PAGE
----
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By Mr R. Hutson

All the king’s metrics and all the king’s men could not put Afghanistan together again (at least in terms of “Western” will). 

There are stark parallels between coalition efforts in Afghanistan and the response to COVID-19. The basis for this assertion lies in the trappings of “Western” decision making: namely, measurability and utility[1].  Number of Forward Operating Bases, land controlled in square kilometres, number of firefights (or lack thereof) etc. These metrics, among others, were thrust upon decision makers at all levels as a mechanism to ascertain success and scream supposed success to the world. Yes, decision-makers both military and political require a basis for decisions but it appears that the wrong metrics were chosen, or worse, omitted and/or manipulated – if metrics were indeed entirely crucial[2]. Further still, I argue that some of the most critical aspects pertaining to operational success (as opposed to metrics) could not be measured – at least in relation to the West’s efforts in Afghanistan. Pardon? Is not the tag-line for any General “how much will it cost me and how can I measure its success?” Precisely my point. Have you quantified the will of the people? Quantified the moral as opposed to the physical?[3] Or even articulated their utility? Compounding frustration is the need to understand causation. Number of Forward Operating Bases is a brilliant metric for operational success – if success was defined as “The Number of Forward Operating Bases”. Ah, but surely the number thereof is attributable to probable success?[4] 

All this to say that 1) The West has a strong proclivity to favouring metrics-based decision making, and 2) Having been lambasted with metrics, we tend to infer causation favourable to our desires – will… if you will. We want to win, so “show” us winning. Thus, the number of Forward Operating Bases etc. becomes all-too-important.  

Before I delve into the relationship of the Taliban, more accurately the war with them, and COVID I believe it would be remiss to not revise a sound basis for decisions[5]. But I cannot now do so satisfactorily – perhaps ever. I will contend, though, that wisdom, intuition and mutual trust are more important than metrics in and of themselves. No, wisdom and intuition are not lost. However, by process of repetition, it appears these profound aspects of humanity all too often get kicked to the sideline when someone else offers an argument replete with metrics. Indeed, am I not want to do so now in support of my own assertions? Contradiction crouches at the door.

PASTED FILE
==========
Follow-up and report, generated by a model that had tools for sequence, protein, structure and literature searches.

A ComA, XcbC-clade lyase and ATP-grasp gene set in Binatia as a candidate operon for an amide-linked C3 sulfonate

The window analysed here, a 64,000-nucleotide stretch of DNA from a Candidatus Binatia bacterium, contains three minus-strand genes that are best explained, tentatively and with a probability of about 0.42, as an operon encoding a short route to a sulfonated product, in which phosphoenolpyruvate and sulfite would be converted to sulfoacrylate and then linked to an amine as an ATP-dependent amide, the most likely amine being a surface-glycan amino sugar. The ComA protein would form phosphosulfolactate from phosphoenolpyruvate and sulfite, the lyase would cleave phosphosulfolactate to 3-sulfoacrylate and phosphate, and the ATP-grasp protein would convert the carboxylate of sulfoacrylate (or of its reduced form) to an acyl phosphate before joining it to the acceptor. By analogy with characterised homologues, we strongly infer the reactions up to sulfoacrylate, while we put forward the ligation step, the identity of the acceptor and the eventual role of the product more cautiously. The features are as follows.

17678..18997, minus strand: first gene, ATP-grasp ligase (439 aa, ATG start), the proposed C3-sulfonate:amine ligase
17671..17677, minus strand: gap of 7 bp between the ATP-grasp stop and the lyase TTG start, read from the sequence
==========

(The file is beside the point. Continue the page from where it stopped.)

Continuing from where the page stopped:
Enter COVID. 

Pestilence is a damned thing indeed. COVID poses a threat to humanity and therefore to New Zealand. That threat has been mulled over by many well-established institutions and in quite some detail[6]. Further, New Zealand decision-makers at the highest level have done their due diligence and crunched the numbers. New Zealand’s response to COVID, specifically in relation to “Levels 3 and 4” is, at minimum, disproportionate[7]. It is around this term “proportionality” that I will centre my argument for it holds significant importance to decision makers in the military the world over – it is one of the few codified aspects of war scrutinised in court[8]. As dropping an atomic bomb on Hirsoshima is proportional, so too is locking-down an entire population. Ah, but the threat surely justifies it. Yes, COVID is a real threat. But to an extent proportional to near-eradication of Freedom of Movement, Freedom of Association, Freedom of Expression and Freedom of Peaceful Assembly?[9, 10] The extent of the threat? People will die. People will suffer. Hospitals possibly overwhelmed. Quite harrowing prospects indeed. But these harrowing aspects have pre-existed, do exist, and will continue to exist irrespective of the advent of COVID. Yet no such lockdowns were imposed. So then, has the situation changed sufficiently that would see it as a proportional response whereby citizens in Oban (Stewart Island), right through to citizens in Te Hapua (the Far North) are overnight legally prohibited from attending a funeral?